Repression of the calcitonin gene-related peptide promoter by 5-HT1 receptor activation
We have investigated the control of calcitonin gene-related peptide (CGRP) expression by a serotonergic agonist that is related pharmacologically to currently used antimigraine drugs. During migraines, CGRP levels are elevated but then returned to normal by a 5-HT1 receptor agonist, sumatriptan. However, neither the molecular nor cellular targets of this drug are known. Trigeminal neurons are the major source of cerebrovascular CGRP, and thus we have used trigeminal primary cultures and the neuronal-like CA77 thyroid C-cell line as a model. We first demonstrate that sumatriptan and another 5-HT1 agonist, CGS 12066A (CGS), cause a robust and prolonged increase with oscillations in intracellular calcium in CA77 cells. CGS caused a similar increase in trigeminal cultures. We then show that CGS treatment leads to a decrease in CGRP mRNA levels in the CA77 cells. This decrease is attributable to the repression of promoter activity through two discrete elements: (1) the cAMP-responsive region, via a cAMP-independent mechanism; and (2) the cell-specific enhancer, which binds the upstream stimulatory factor helix-loop-helix protein and a cell-specific activator. These results demonstrate that activation of the endogenous 5-HT1 receptor is coupled to calcium signaling pathways and leads to inhibition of CGRP gene transcription.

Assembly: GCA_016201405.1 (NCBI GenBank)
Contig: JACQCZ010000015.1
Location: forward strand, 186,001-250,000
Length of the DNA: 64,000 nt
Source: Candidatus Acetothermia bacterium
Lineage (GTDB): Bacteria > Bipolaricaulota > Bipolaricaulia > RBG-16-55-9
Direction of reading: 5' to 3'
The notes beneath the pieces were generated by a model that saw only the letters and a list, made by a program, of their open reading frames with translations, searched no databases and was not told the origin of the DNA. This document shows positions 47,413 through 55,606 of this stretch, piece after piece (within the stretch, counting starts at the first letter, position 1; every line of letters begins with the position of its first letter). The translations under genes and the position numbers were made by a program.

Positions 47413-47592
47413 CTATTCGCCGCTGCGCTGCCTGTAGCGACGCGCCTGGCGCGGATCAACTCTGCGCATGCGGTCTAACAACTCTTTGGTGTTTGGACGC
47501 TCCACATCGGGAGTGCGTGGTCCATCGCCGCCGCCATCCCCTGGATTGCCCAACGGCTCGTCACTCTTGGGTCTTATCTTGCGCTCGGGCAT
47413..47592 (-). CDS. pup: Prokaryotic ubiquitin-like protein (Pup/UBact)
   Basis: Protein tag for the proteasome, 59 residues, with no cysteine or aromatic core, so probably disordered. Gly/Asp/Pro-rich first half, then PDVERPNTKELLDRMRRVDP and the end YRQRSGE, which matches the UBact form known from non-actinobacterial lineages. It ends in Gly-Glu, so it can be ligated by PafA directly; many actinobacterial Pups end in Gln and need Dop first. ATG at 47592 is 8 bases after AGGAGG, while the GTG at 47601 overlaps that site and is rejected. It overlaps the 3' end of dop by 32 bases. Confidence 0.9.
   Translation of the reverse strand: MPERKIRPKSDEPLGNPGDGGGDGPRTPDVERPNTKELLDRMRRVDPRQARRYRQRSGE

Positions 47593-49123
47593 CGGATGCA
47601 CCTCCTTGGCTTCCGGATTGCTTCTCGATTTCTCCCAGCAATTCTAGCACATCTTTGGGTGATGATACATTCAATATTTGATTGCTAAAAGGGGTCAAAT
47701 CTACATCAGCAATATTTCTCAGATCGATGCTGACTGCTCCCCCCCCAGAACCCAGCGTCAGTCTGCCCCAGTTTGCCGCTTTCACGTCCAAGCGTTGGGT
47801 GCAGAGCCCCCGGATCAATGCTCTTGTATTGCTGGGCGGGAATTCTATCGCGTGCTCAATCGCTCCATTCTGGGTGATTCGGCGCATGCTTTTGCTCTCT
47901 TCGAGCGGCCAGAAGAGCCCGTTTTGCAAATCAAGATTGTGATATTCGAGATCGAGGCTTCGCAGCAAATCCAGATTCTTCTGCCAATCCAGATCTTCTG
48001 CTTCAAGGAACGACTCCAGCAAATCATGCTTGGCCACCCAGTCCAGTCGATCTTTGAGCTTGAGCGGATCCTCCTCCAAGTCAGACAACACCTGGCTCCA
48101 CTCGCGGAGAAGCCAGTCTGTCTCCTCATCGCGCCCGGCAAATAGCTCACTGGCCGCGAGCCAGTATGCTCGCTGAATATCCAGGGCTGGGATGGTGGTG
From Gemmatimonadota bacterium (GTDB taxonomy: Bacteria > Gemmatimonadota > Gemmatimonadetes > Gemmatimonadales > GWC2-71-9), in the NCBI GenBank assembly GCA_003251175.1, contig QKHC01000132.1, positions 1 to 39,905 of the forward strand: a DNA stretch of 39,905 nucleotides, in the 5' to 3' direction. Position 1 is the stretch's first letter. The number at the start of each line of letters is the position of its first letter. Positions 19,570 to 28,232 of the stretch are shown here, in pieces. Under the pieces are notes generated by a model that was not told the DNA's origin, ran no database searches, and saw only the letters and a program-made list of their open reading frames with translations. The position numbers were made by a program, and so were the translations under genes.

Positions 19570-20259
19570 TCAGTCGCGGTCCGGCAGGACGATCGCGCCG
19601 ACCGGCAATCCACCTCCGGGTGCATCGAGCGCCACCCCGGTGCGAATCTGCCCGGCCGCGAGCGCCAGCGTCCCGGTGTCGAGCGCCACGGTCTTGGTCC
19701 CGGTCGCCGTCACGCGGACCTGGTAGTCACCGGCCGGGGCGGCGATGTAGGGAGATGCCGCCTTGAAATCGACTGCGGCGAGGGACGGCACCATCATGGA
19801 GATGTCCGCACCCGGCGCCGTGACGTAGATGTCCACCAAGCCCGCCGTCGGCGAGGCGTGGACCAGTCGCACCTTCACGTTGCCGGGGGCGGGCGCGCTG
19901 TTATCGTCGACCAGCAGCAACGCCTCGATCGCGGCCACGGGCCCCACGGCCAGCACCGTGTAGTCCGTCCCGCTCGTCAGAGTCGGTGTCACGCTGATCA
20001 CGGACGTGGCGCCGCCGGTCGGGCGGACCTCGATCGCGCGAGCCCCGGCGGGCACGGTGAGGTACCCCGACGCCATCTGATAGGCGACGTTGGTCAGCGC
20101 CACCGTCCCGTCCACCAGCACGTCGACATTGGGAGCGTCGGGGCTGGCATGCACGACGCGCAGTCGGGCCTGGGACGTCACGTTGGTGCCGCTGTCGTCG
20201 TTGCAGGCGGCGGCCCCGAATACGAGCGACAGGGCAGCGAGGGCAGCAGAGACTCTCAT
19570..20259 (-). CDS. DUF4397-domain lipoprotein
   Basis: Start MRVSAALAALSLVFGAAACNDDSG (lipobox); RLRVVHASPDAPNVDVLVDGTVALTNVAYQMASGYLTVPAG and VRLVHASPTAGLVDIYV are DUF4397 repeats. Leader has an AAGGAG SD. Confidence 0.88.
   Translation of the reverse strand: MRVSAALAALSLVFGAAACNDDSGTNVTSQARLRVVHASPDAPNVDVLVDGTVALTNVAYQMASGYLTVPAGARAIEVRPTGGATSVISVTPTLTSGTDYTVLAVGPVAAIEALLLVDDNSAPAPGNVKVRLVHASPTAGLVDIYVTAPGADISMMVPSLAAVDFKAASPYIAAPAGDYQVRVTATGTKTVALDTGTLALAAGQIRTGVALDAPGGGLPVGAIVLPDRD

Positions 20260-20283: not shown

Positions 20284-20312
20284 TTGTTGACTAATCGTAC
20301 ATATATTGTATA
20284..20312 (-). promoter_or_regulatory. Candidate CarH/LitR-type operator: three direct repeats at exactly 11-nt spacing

5-HT receptor 1, Calcium, CGRP, Serotonin, Sumatriptan, Thyroid C-cells, Transcription, Trigeminal
Durham, Paul L., Ram V. Sharma, and Andrew F. Russo. "Repression of the calcitonin gene-related peptide promoter by 5-HT1 receptor activation." Journal of Neuroscience 17, no. 24 (1997): 9545-9553.
Journal of Neuroscience